Wednesday, May 1, 2013
The coast's coolest pocket
Young families, artists and retired coastal dwellers stroll the sandy path past Hawk Creek Café, toward the rhythmic ocean. The path continues along Neskowin Creek (or Slab or Hawk Creek, depending on who you ask) as it empties into the Pacific Ocean in front of Proposal Rock, a tree-covered basalt sea stack that looms a hundred feet above the waves just offshore.
This is Neskowin, a tiny, unincorporated coastal town with 170 residents. Neskowin is primarily a bedroom community for people who commute ten minutes south to the larger Lincoln City, north to Pacific City, or remotely from their home offices. Retirees and artists round out the population. Tourism is a small, yet steady anchor for the few businesses in town.
Following the coastline south along the churning waves at low tide, dark ancient stumps jut from the sea, exposing a primordial era. These tomblike shadows make up Neskowin’s “Ghost Forest”—the stumps of two hundred Sitka spruce trees, assumed to have been on the higher plate before the Cascadia Zone earthquake at least 2,000 years ago.
This ethereal scene is enlivened in the deeply saturated landscape and architectural paintings in Michael Schlicting’s art gallery, which lies just across Highway 101. When Schlicting was a child in the 1960s, the six- to ten-foot-tall ancient tree stumps were buried and invisible to residents. Then, in the winter of 1997, a powerful storm hit the coast. Like a monstrous blender, it churned the sand that covered the trees, and the stumps were revealed for the first time since their entombment.
This and other storms in recent years have left residents of Neskowin uneasy. A committee of locals and geological experts has been formed to assess ways to protect the town from the erosion occurring during winter storms. Today, the entire shoreline is protected by riprap—a sustaining wall of rock slabs—but this may not be enough. Already, some residences are uninhabitable during certain periods.
“The Ghost Forest is part of the identity of the community now, as is the erosion,” says Schlicting, age 59. “People’s reverence for the stumps mimics the protectiveness they feel about Neskowin.”
During low tide, on a calm day, you can climb up Proposal Rock, so named soon after Charles Gage and Della Page got engaged on its summit more than a century ago.
Originally a Nestugga (or Nestucca) Indian fishing village called “Woods,” the area was abandoned before white settlers discovered its shores. The earliest visitors came from inland areas, and Neskowin was lauded as a camping recreation site as early as 1876. The settling of the area, however, came in 1886, when a sailing vessel filled with wheat and lumber ran aground in the fog that often ensconces Neskowin.
Gladys Pierce was one of the earliest tourism proprietors. Throughout the 1920s, she charged $1 for a beachfront tent site; $2.25 for a tent site and a parking space. “Resort” life and dairies quickly became the mainstays of the community, with the dairies providing milk for nearby Oretown and, later, for Tillamook County’s cheese industry.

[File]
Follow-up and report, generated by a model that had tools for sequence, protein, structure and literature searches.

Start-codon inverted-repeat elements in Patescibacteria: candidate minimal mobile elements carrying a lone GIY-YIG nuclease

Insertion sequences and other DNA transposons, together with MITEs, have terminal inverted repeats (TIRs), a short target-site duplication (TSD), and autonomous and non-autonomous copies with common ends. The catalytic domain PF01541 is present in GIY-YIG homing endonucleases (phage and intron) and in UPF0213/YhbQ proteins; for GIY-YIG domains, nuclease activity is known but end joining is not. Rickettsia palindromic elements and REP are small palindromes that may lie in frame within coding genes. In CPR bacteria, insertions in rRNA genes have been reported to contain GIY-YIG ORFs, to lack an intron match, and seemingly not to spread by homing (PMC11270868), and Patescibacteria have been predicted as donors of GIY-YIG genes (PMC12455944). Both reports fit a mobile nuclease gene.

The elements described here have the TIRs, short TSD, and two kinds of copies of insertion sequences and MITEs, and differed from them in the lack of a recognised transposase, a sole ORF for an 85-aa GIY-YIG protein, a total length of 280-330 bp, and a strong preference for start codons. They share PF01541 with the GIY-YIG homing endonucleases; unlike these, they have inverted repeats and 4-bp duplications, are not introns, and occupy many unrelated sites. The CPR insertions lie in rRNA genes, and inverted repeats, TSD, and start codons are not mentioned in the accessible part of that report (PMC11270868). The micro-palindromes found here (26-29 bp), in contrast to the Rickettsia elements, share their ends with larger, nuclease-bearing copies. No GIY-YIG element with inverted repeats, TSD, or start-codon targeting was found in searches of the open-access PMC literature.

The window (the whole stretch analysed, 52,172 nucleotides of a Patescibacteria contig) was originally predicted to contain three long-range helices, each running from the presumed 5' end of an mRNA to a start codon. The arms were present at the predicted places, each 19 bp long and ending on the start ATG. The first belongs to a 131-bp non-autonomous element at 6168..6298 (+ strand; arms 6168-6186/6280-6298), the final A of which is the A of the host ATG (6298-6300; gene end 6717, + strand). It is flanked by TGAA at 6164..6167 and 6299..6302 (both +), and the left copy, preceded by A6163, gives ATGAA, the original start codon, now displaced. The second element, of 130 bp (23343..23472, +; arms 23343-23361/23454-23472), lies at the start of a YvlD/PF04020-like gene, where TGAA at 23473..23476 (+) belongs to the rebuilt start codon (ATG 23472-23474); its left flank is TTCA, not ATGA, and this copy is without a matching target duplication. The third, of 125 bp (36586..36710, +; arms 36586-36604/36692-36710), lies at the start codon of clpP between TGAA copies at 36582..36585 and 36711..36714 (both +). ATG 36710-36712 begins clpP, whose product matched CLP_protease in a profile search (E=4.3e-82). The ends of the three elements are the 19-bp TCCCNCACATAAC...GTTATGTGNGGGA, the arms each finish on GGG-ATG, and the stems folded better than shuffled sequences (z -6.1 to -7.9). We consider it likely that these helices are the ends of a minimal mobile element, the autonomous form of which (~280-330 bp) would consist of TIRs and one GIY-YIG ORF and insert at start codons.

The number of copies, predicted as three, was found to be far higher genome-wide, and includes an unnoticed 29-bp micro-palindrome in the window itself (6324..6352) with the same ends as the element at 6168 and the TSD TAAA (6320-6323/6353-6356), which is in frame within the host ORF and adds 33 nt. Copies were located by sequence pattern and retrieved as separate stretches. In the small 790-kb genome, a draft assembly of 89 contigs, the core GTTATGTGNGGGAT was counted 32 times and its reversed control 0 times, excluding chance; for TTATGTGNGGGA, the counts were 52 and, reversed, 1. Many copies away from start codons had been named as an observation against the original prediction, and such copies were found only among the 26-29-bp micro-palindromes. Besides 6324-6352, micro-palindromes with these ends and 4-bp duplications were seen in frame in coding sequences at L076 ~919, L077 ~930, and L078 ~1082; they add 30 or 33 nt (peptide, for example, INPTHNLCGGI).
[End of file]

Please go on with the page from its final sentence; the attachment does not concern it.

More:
The Schlicting family moved to Neskowin when Schlicting’s father bought a dairy farm in 1960—a typical business in the area since the late 1800s. Settling into provincial coastal life, Schlicting started first grade at Cloverdale School, ten miles north of Neskowin. He says that he was still considered the “new kid,” even years later at graduation.
“The town has the same feel and character as when I moved here,” he says. Though dairies have long been the primary industry, Neskowin has always had equal parts beauty and intrigue. A number of artists have taken up residence along Neskowin’s narrow streets. The Sitka Center for Art and Ecology is just a few minutes’ drive down Highway 101. “My mother is an artist and has said that the local scenery invites art,” says Schlicting, who, in 1978, opened Hawk Creek Gallery in Neskowin’s former one-room schoolhouse, next to his childhood farm.
“I painted a sandwich board and planned to sell art to passersby for a summer after college,” he says. Today there is no sandwich board but a grey cedar studio where Schlicting’s paintings are displayed and sold. Hawk Creek Gallery is open on weekends throughout the fall and spring, and every day in the summer. Though he has split his time between Portland and Neskowin since 1991, his mother still lives in a home behind the gallery where, at age 93, she still paints almost every day.
“I’m living on inspiration,” Schlicting says of Neskowin and painting. “It’s what I have always tried to show my kids.” Schlicting’s two grown children seem to have inherited the artistic inspiration. Tyler, 32, is a mixed media artist and outdoor enthusiast. He recently moved back to the family property. Schlicting’s daughter, Ally, 26, is the manager of People’s Art Gallery in Pioneer Place in Portland. Though strikingy small, Neskowin is still divided into four districts by the locals. Neskowin Village is the historic core, complete with a grocery store, café and hotel. Narrow streets are lined with quaint, brightly painted cottages and Neskowin Marsh Golf Course. In summer, it’s a beautiful course, but rain and neighboring protected wetlands hasten its conversion back to a marsh in the winter.
South Beach is home to the ancient forest and a variety of gated communities. In Neskowin Heights, homes flank the north and east hills. Slab Creek Road is the address for most longtime locals—dotted with rustic homes and historic farms.
With its ghostly stumps, mini districts and austere beauty, Neskowin is a secret handshake and an engaging setting along the Oregon Coast.
Population of Neskowin: 170
Median household income: $42,000
Median single-family home price: $350,500
Jun 5, 2013